Helena Chemical Company

Helena offers virtually every input that is used in production agriculture. This includes fertilizer, seed, crop protectants and many other products. Helena offers customers a wide variety of services for agricultural and non-crop/specialty markets based on regions and market conditions. AGRIntelligence strives to improve your business and enable you to make quick, confident, management decisions for your operation.

Related News

NGOs file suit over transparency of TSCA new chemicals programme

Chemical Watch | March 18, 2020

A coalition of NGOs has sued the US EPA over an alleged lack of transparency in the TSCA new chemicals programme, which "thwart[s] the ability of the public to be informed and to provide input". According to a complaint filed by five environmental nonprofits in federal court today, the EPA has operated its TSCA premanufacture review process in a "black box, denying the public information to which they are legally entitled". Having access to timely information, they contend, is necessary to ensure the members they represent "are able to provide input on the potential risks of new chemicals and the need for protections from those risks prior to completion of EPA’s reviews." And they therefore have asked the court to ensure that the EPA complies with TSCA’s disclosure provisions, including by requiring that it:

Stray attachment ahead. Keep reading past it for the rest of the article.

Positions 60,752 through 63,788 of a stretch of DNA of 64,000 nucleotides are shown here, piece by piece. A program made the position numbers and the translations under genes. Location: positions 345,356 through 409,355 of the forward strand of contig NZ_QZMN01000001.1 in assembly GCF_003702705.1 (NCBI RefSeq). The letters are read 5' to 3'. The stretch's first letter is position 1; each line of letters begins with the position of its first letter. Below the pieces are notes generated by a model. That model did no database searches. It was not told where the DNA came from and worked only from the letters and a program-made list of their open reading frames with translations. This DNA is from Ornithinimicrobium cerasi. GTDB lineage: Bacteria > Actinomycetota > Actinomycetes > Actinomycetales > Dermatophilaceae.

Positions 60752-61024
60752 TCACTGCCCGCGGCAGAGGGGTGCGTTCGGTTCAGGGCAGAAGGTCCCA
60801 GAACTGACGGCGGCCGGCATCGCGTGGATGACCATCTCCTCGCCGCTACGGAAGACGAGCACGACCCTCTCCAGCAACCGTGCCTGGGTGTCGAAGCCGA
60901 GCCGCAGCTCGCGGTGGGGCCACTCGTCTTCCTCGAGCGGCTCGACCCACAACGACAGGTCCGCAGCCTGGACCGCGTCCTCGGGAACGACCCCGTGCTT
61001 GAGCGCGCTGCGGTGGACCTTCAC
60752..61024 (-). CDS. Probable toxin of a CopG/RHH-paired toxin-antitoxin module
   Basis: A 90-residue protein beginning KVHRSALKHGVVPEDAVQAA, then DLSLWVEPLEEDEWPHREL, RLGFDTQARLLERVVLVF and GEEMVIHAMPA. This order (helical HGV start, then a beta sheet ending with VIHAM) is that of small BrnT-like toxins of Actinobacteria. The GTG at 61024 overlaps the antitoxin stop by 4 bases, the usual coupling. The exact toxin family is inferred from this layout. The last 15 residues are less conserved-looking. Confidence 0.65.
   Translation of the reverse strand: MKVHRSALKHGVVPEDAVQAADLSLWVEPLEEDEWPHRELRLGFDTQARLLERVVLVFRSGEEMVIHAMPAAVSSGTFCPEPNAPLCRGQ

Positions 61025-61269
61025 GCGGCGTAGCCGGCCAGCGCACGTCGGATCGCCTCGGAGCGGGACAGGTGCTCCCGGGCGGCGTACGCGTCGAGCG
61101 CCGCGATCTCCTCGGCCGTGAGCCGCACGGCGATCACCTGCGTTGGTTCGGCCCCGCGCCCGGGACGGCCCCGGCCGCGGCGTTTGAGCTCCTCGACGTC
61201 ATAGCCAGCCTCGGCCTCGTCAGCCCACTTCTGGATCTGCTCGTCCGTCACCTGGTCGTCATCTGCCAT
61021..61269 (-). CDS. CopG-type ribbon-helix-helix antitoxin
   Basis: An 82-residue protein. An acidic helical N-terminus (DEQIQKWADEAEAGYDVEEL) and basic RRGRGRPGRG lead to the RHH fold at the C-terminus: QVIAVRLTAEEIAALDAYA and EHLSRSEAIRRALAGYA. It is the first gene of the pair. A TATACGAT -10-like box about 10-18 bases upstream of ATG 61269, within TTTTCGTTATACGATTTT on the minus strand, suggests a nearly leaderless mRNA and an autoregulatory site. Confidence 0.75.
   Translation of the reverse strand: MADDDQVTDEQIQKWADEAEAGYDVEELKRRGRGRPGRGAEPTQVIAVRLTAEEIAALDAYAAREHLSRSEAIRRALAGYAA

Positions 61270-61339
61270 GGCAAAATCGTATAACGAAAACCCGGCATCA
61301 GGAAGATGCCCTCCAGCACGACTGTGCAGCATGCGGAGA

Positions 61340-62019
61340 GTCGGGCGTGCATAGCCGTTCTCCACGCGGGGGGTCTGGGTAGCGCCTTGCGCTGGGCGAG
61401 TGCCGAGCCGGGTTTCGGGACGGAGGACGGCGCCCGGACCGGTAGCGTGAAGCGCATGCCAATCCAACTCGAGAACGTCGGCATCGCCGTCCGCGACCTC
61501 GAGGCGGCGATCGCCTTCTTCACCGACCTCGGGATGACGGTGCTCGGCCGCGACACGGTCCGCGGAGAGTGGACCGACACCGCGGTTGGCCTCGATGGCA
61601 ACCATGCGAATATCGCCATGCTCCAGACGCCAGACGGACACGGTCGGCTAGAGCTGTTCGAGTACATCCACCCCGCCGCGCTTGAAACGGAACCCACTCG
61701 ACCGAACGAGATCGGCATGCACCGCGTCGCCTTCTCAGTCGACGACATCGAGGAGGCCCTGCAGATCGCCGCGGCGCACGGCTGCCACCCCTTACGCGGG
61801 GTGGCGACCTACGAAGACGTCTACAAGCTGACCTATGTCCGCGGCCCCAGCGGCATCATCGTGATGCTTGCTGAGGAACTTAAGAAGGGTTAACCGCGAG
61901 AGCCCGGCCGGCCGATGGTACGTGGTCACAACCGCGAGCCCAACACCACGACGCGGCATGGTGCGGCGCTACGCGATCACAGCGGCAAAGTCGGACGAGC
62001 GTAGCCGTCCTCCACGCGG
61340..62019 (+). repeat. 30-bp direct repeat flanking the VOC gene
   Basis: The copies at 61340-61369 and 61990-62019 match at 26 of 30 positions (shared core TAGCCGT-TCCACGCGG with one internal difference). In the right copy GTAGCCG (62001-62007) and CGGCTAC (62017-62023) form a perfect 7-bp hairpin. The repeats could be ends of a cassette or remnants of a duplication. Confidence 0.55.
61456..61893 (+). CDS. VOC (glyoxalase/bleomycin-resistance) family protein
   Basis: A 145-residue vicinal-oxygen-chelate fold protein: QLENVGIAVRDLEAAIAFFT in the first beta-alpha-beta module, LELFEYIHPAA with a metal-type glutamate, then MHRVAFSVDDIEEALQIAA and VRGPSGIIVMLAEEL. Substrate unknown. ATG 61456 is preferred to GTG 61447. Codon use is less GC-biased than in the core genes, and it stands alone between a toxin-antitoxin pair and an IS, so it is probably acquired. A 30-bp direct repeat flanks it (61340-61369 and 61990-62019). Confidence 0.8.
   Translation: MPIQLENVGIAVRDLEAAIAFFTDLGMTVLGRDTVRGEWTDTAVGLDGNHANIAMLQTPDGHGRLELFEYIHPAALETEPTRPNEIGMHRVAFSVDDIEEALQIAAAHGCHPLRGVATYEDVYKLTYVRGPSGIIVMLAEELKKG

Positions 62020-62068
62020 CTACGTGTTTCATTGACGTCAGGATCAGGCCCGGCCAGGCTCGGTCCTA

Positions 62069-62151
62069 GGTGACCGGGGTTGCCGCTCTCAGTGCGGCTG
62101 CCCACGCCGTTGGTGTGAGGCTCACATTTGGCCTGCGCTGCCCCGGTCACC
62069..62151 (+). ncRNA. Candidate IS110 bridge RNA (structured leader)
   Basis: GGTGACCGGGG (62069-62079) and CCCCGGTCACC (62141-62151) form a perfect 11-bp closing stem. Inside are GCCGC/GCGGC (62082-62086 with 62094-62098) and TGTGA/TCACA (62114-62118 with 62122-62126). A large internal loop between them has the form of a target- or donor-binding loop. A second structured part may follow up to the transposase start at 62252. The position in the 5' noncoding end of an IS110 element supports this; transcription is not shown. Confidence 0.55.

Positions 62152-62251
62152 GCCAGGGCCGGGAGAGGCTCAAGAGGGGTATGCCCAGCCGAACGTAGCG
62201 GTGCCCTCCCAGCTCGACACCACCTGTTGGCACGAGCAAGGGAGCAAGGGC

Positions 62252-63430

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ACC to Trump, governors: Keep chemical industry going during coronavirus crisis

S&P Global | March 18, 2020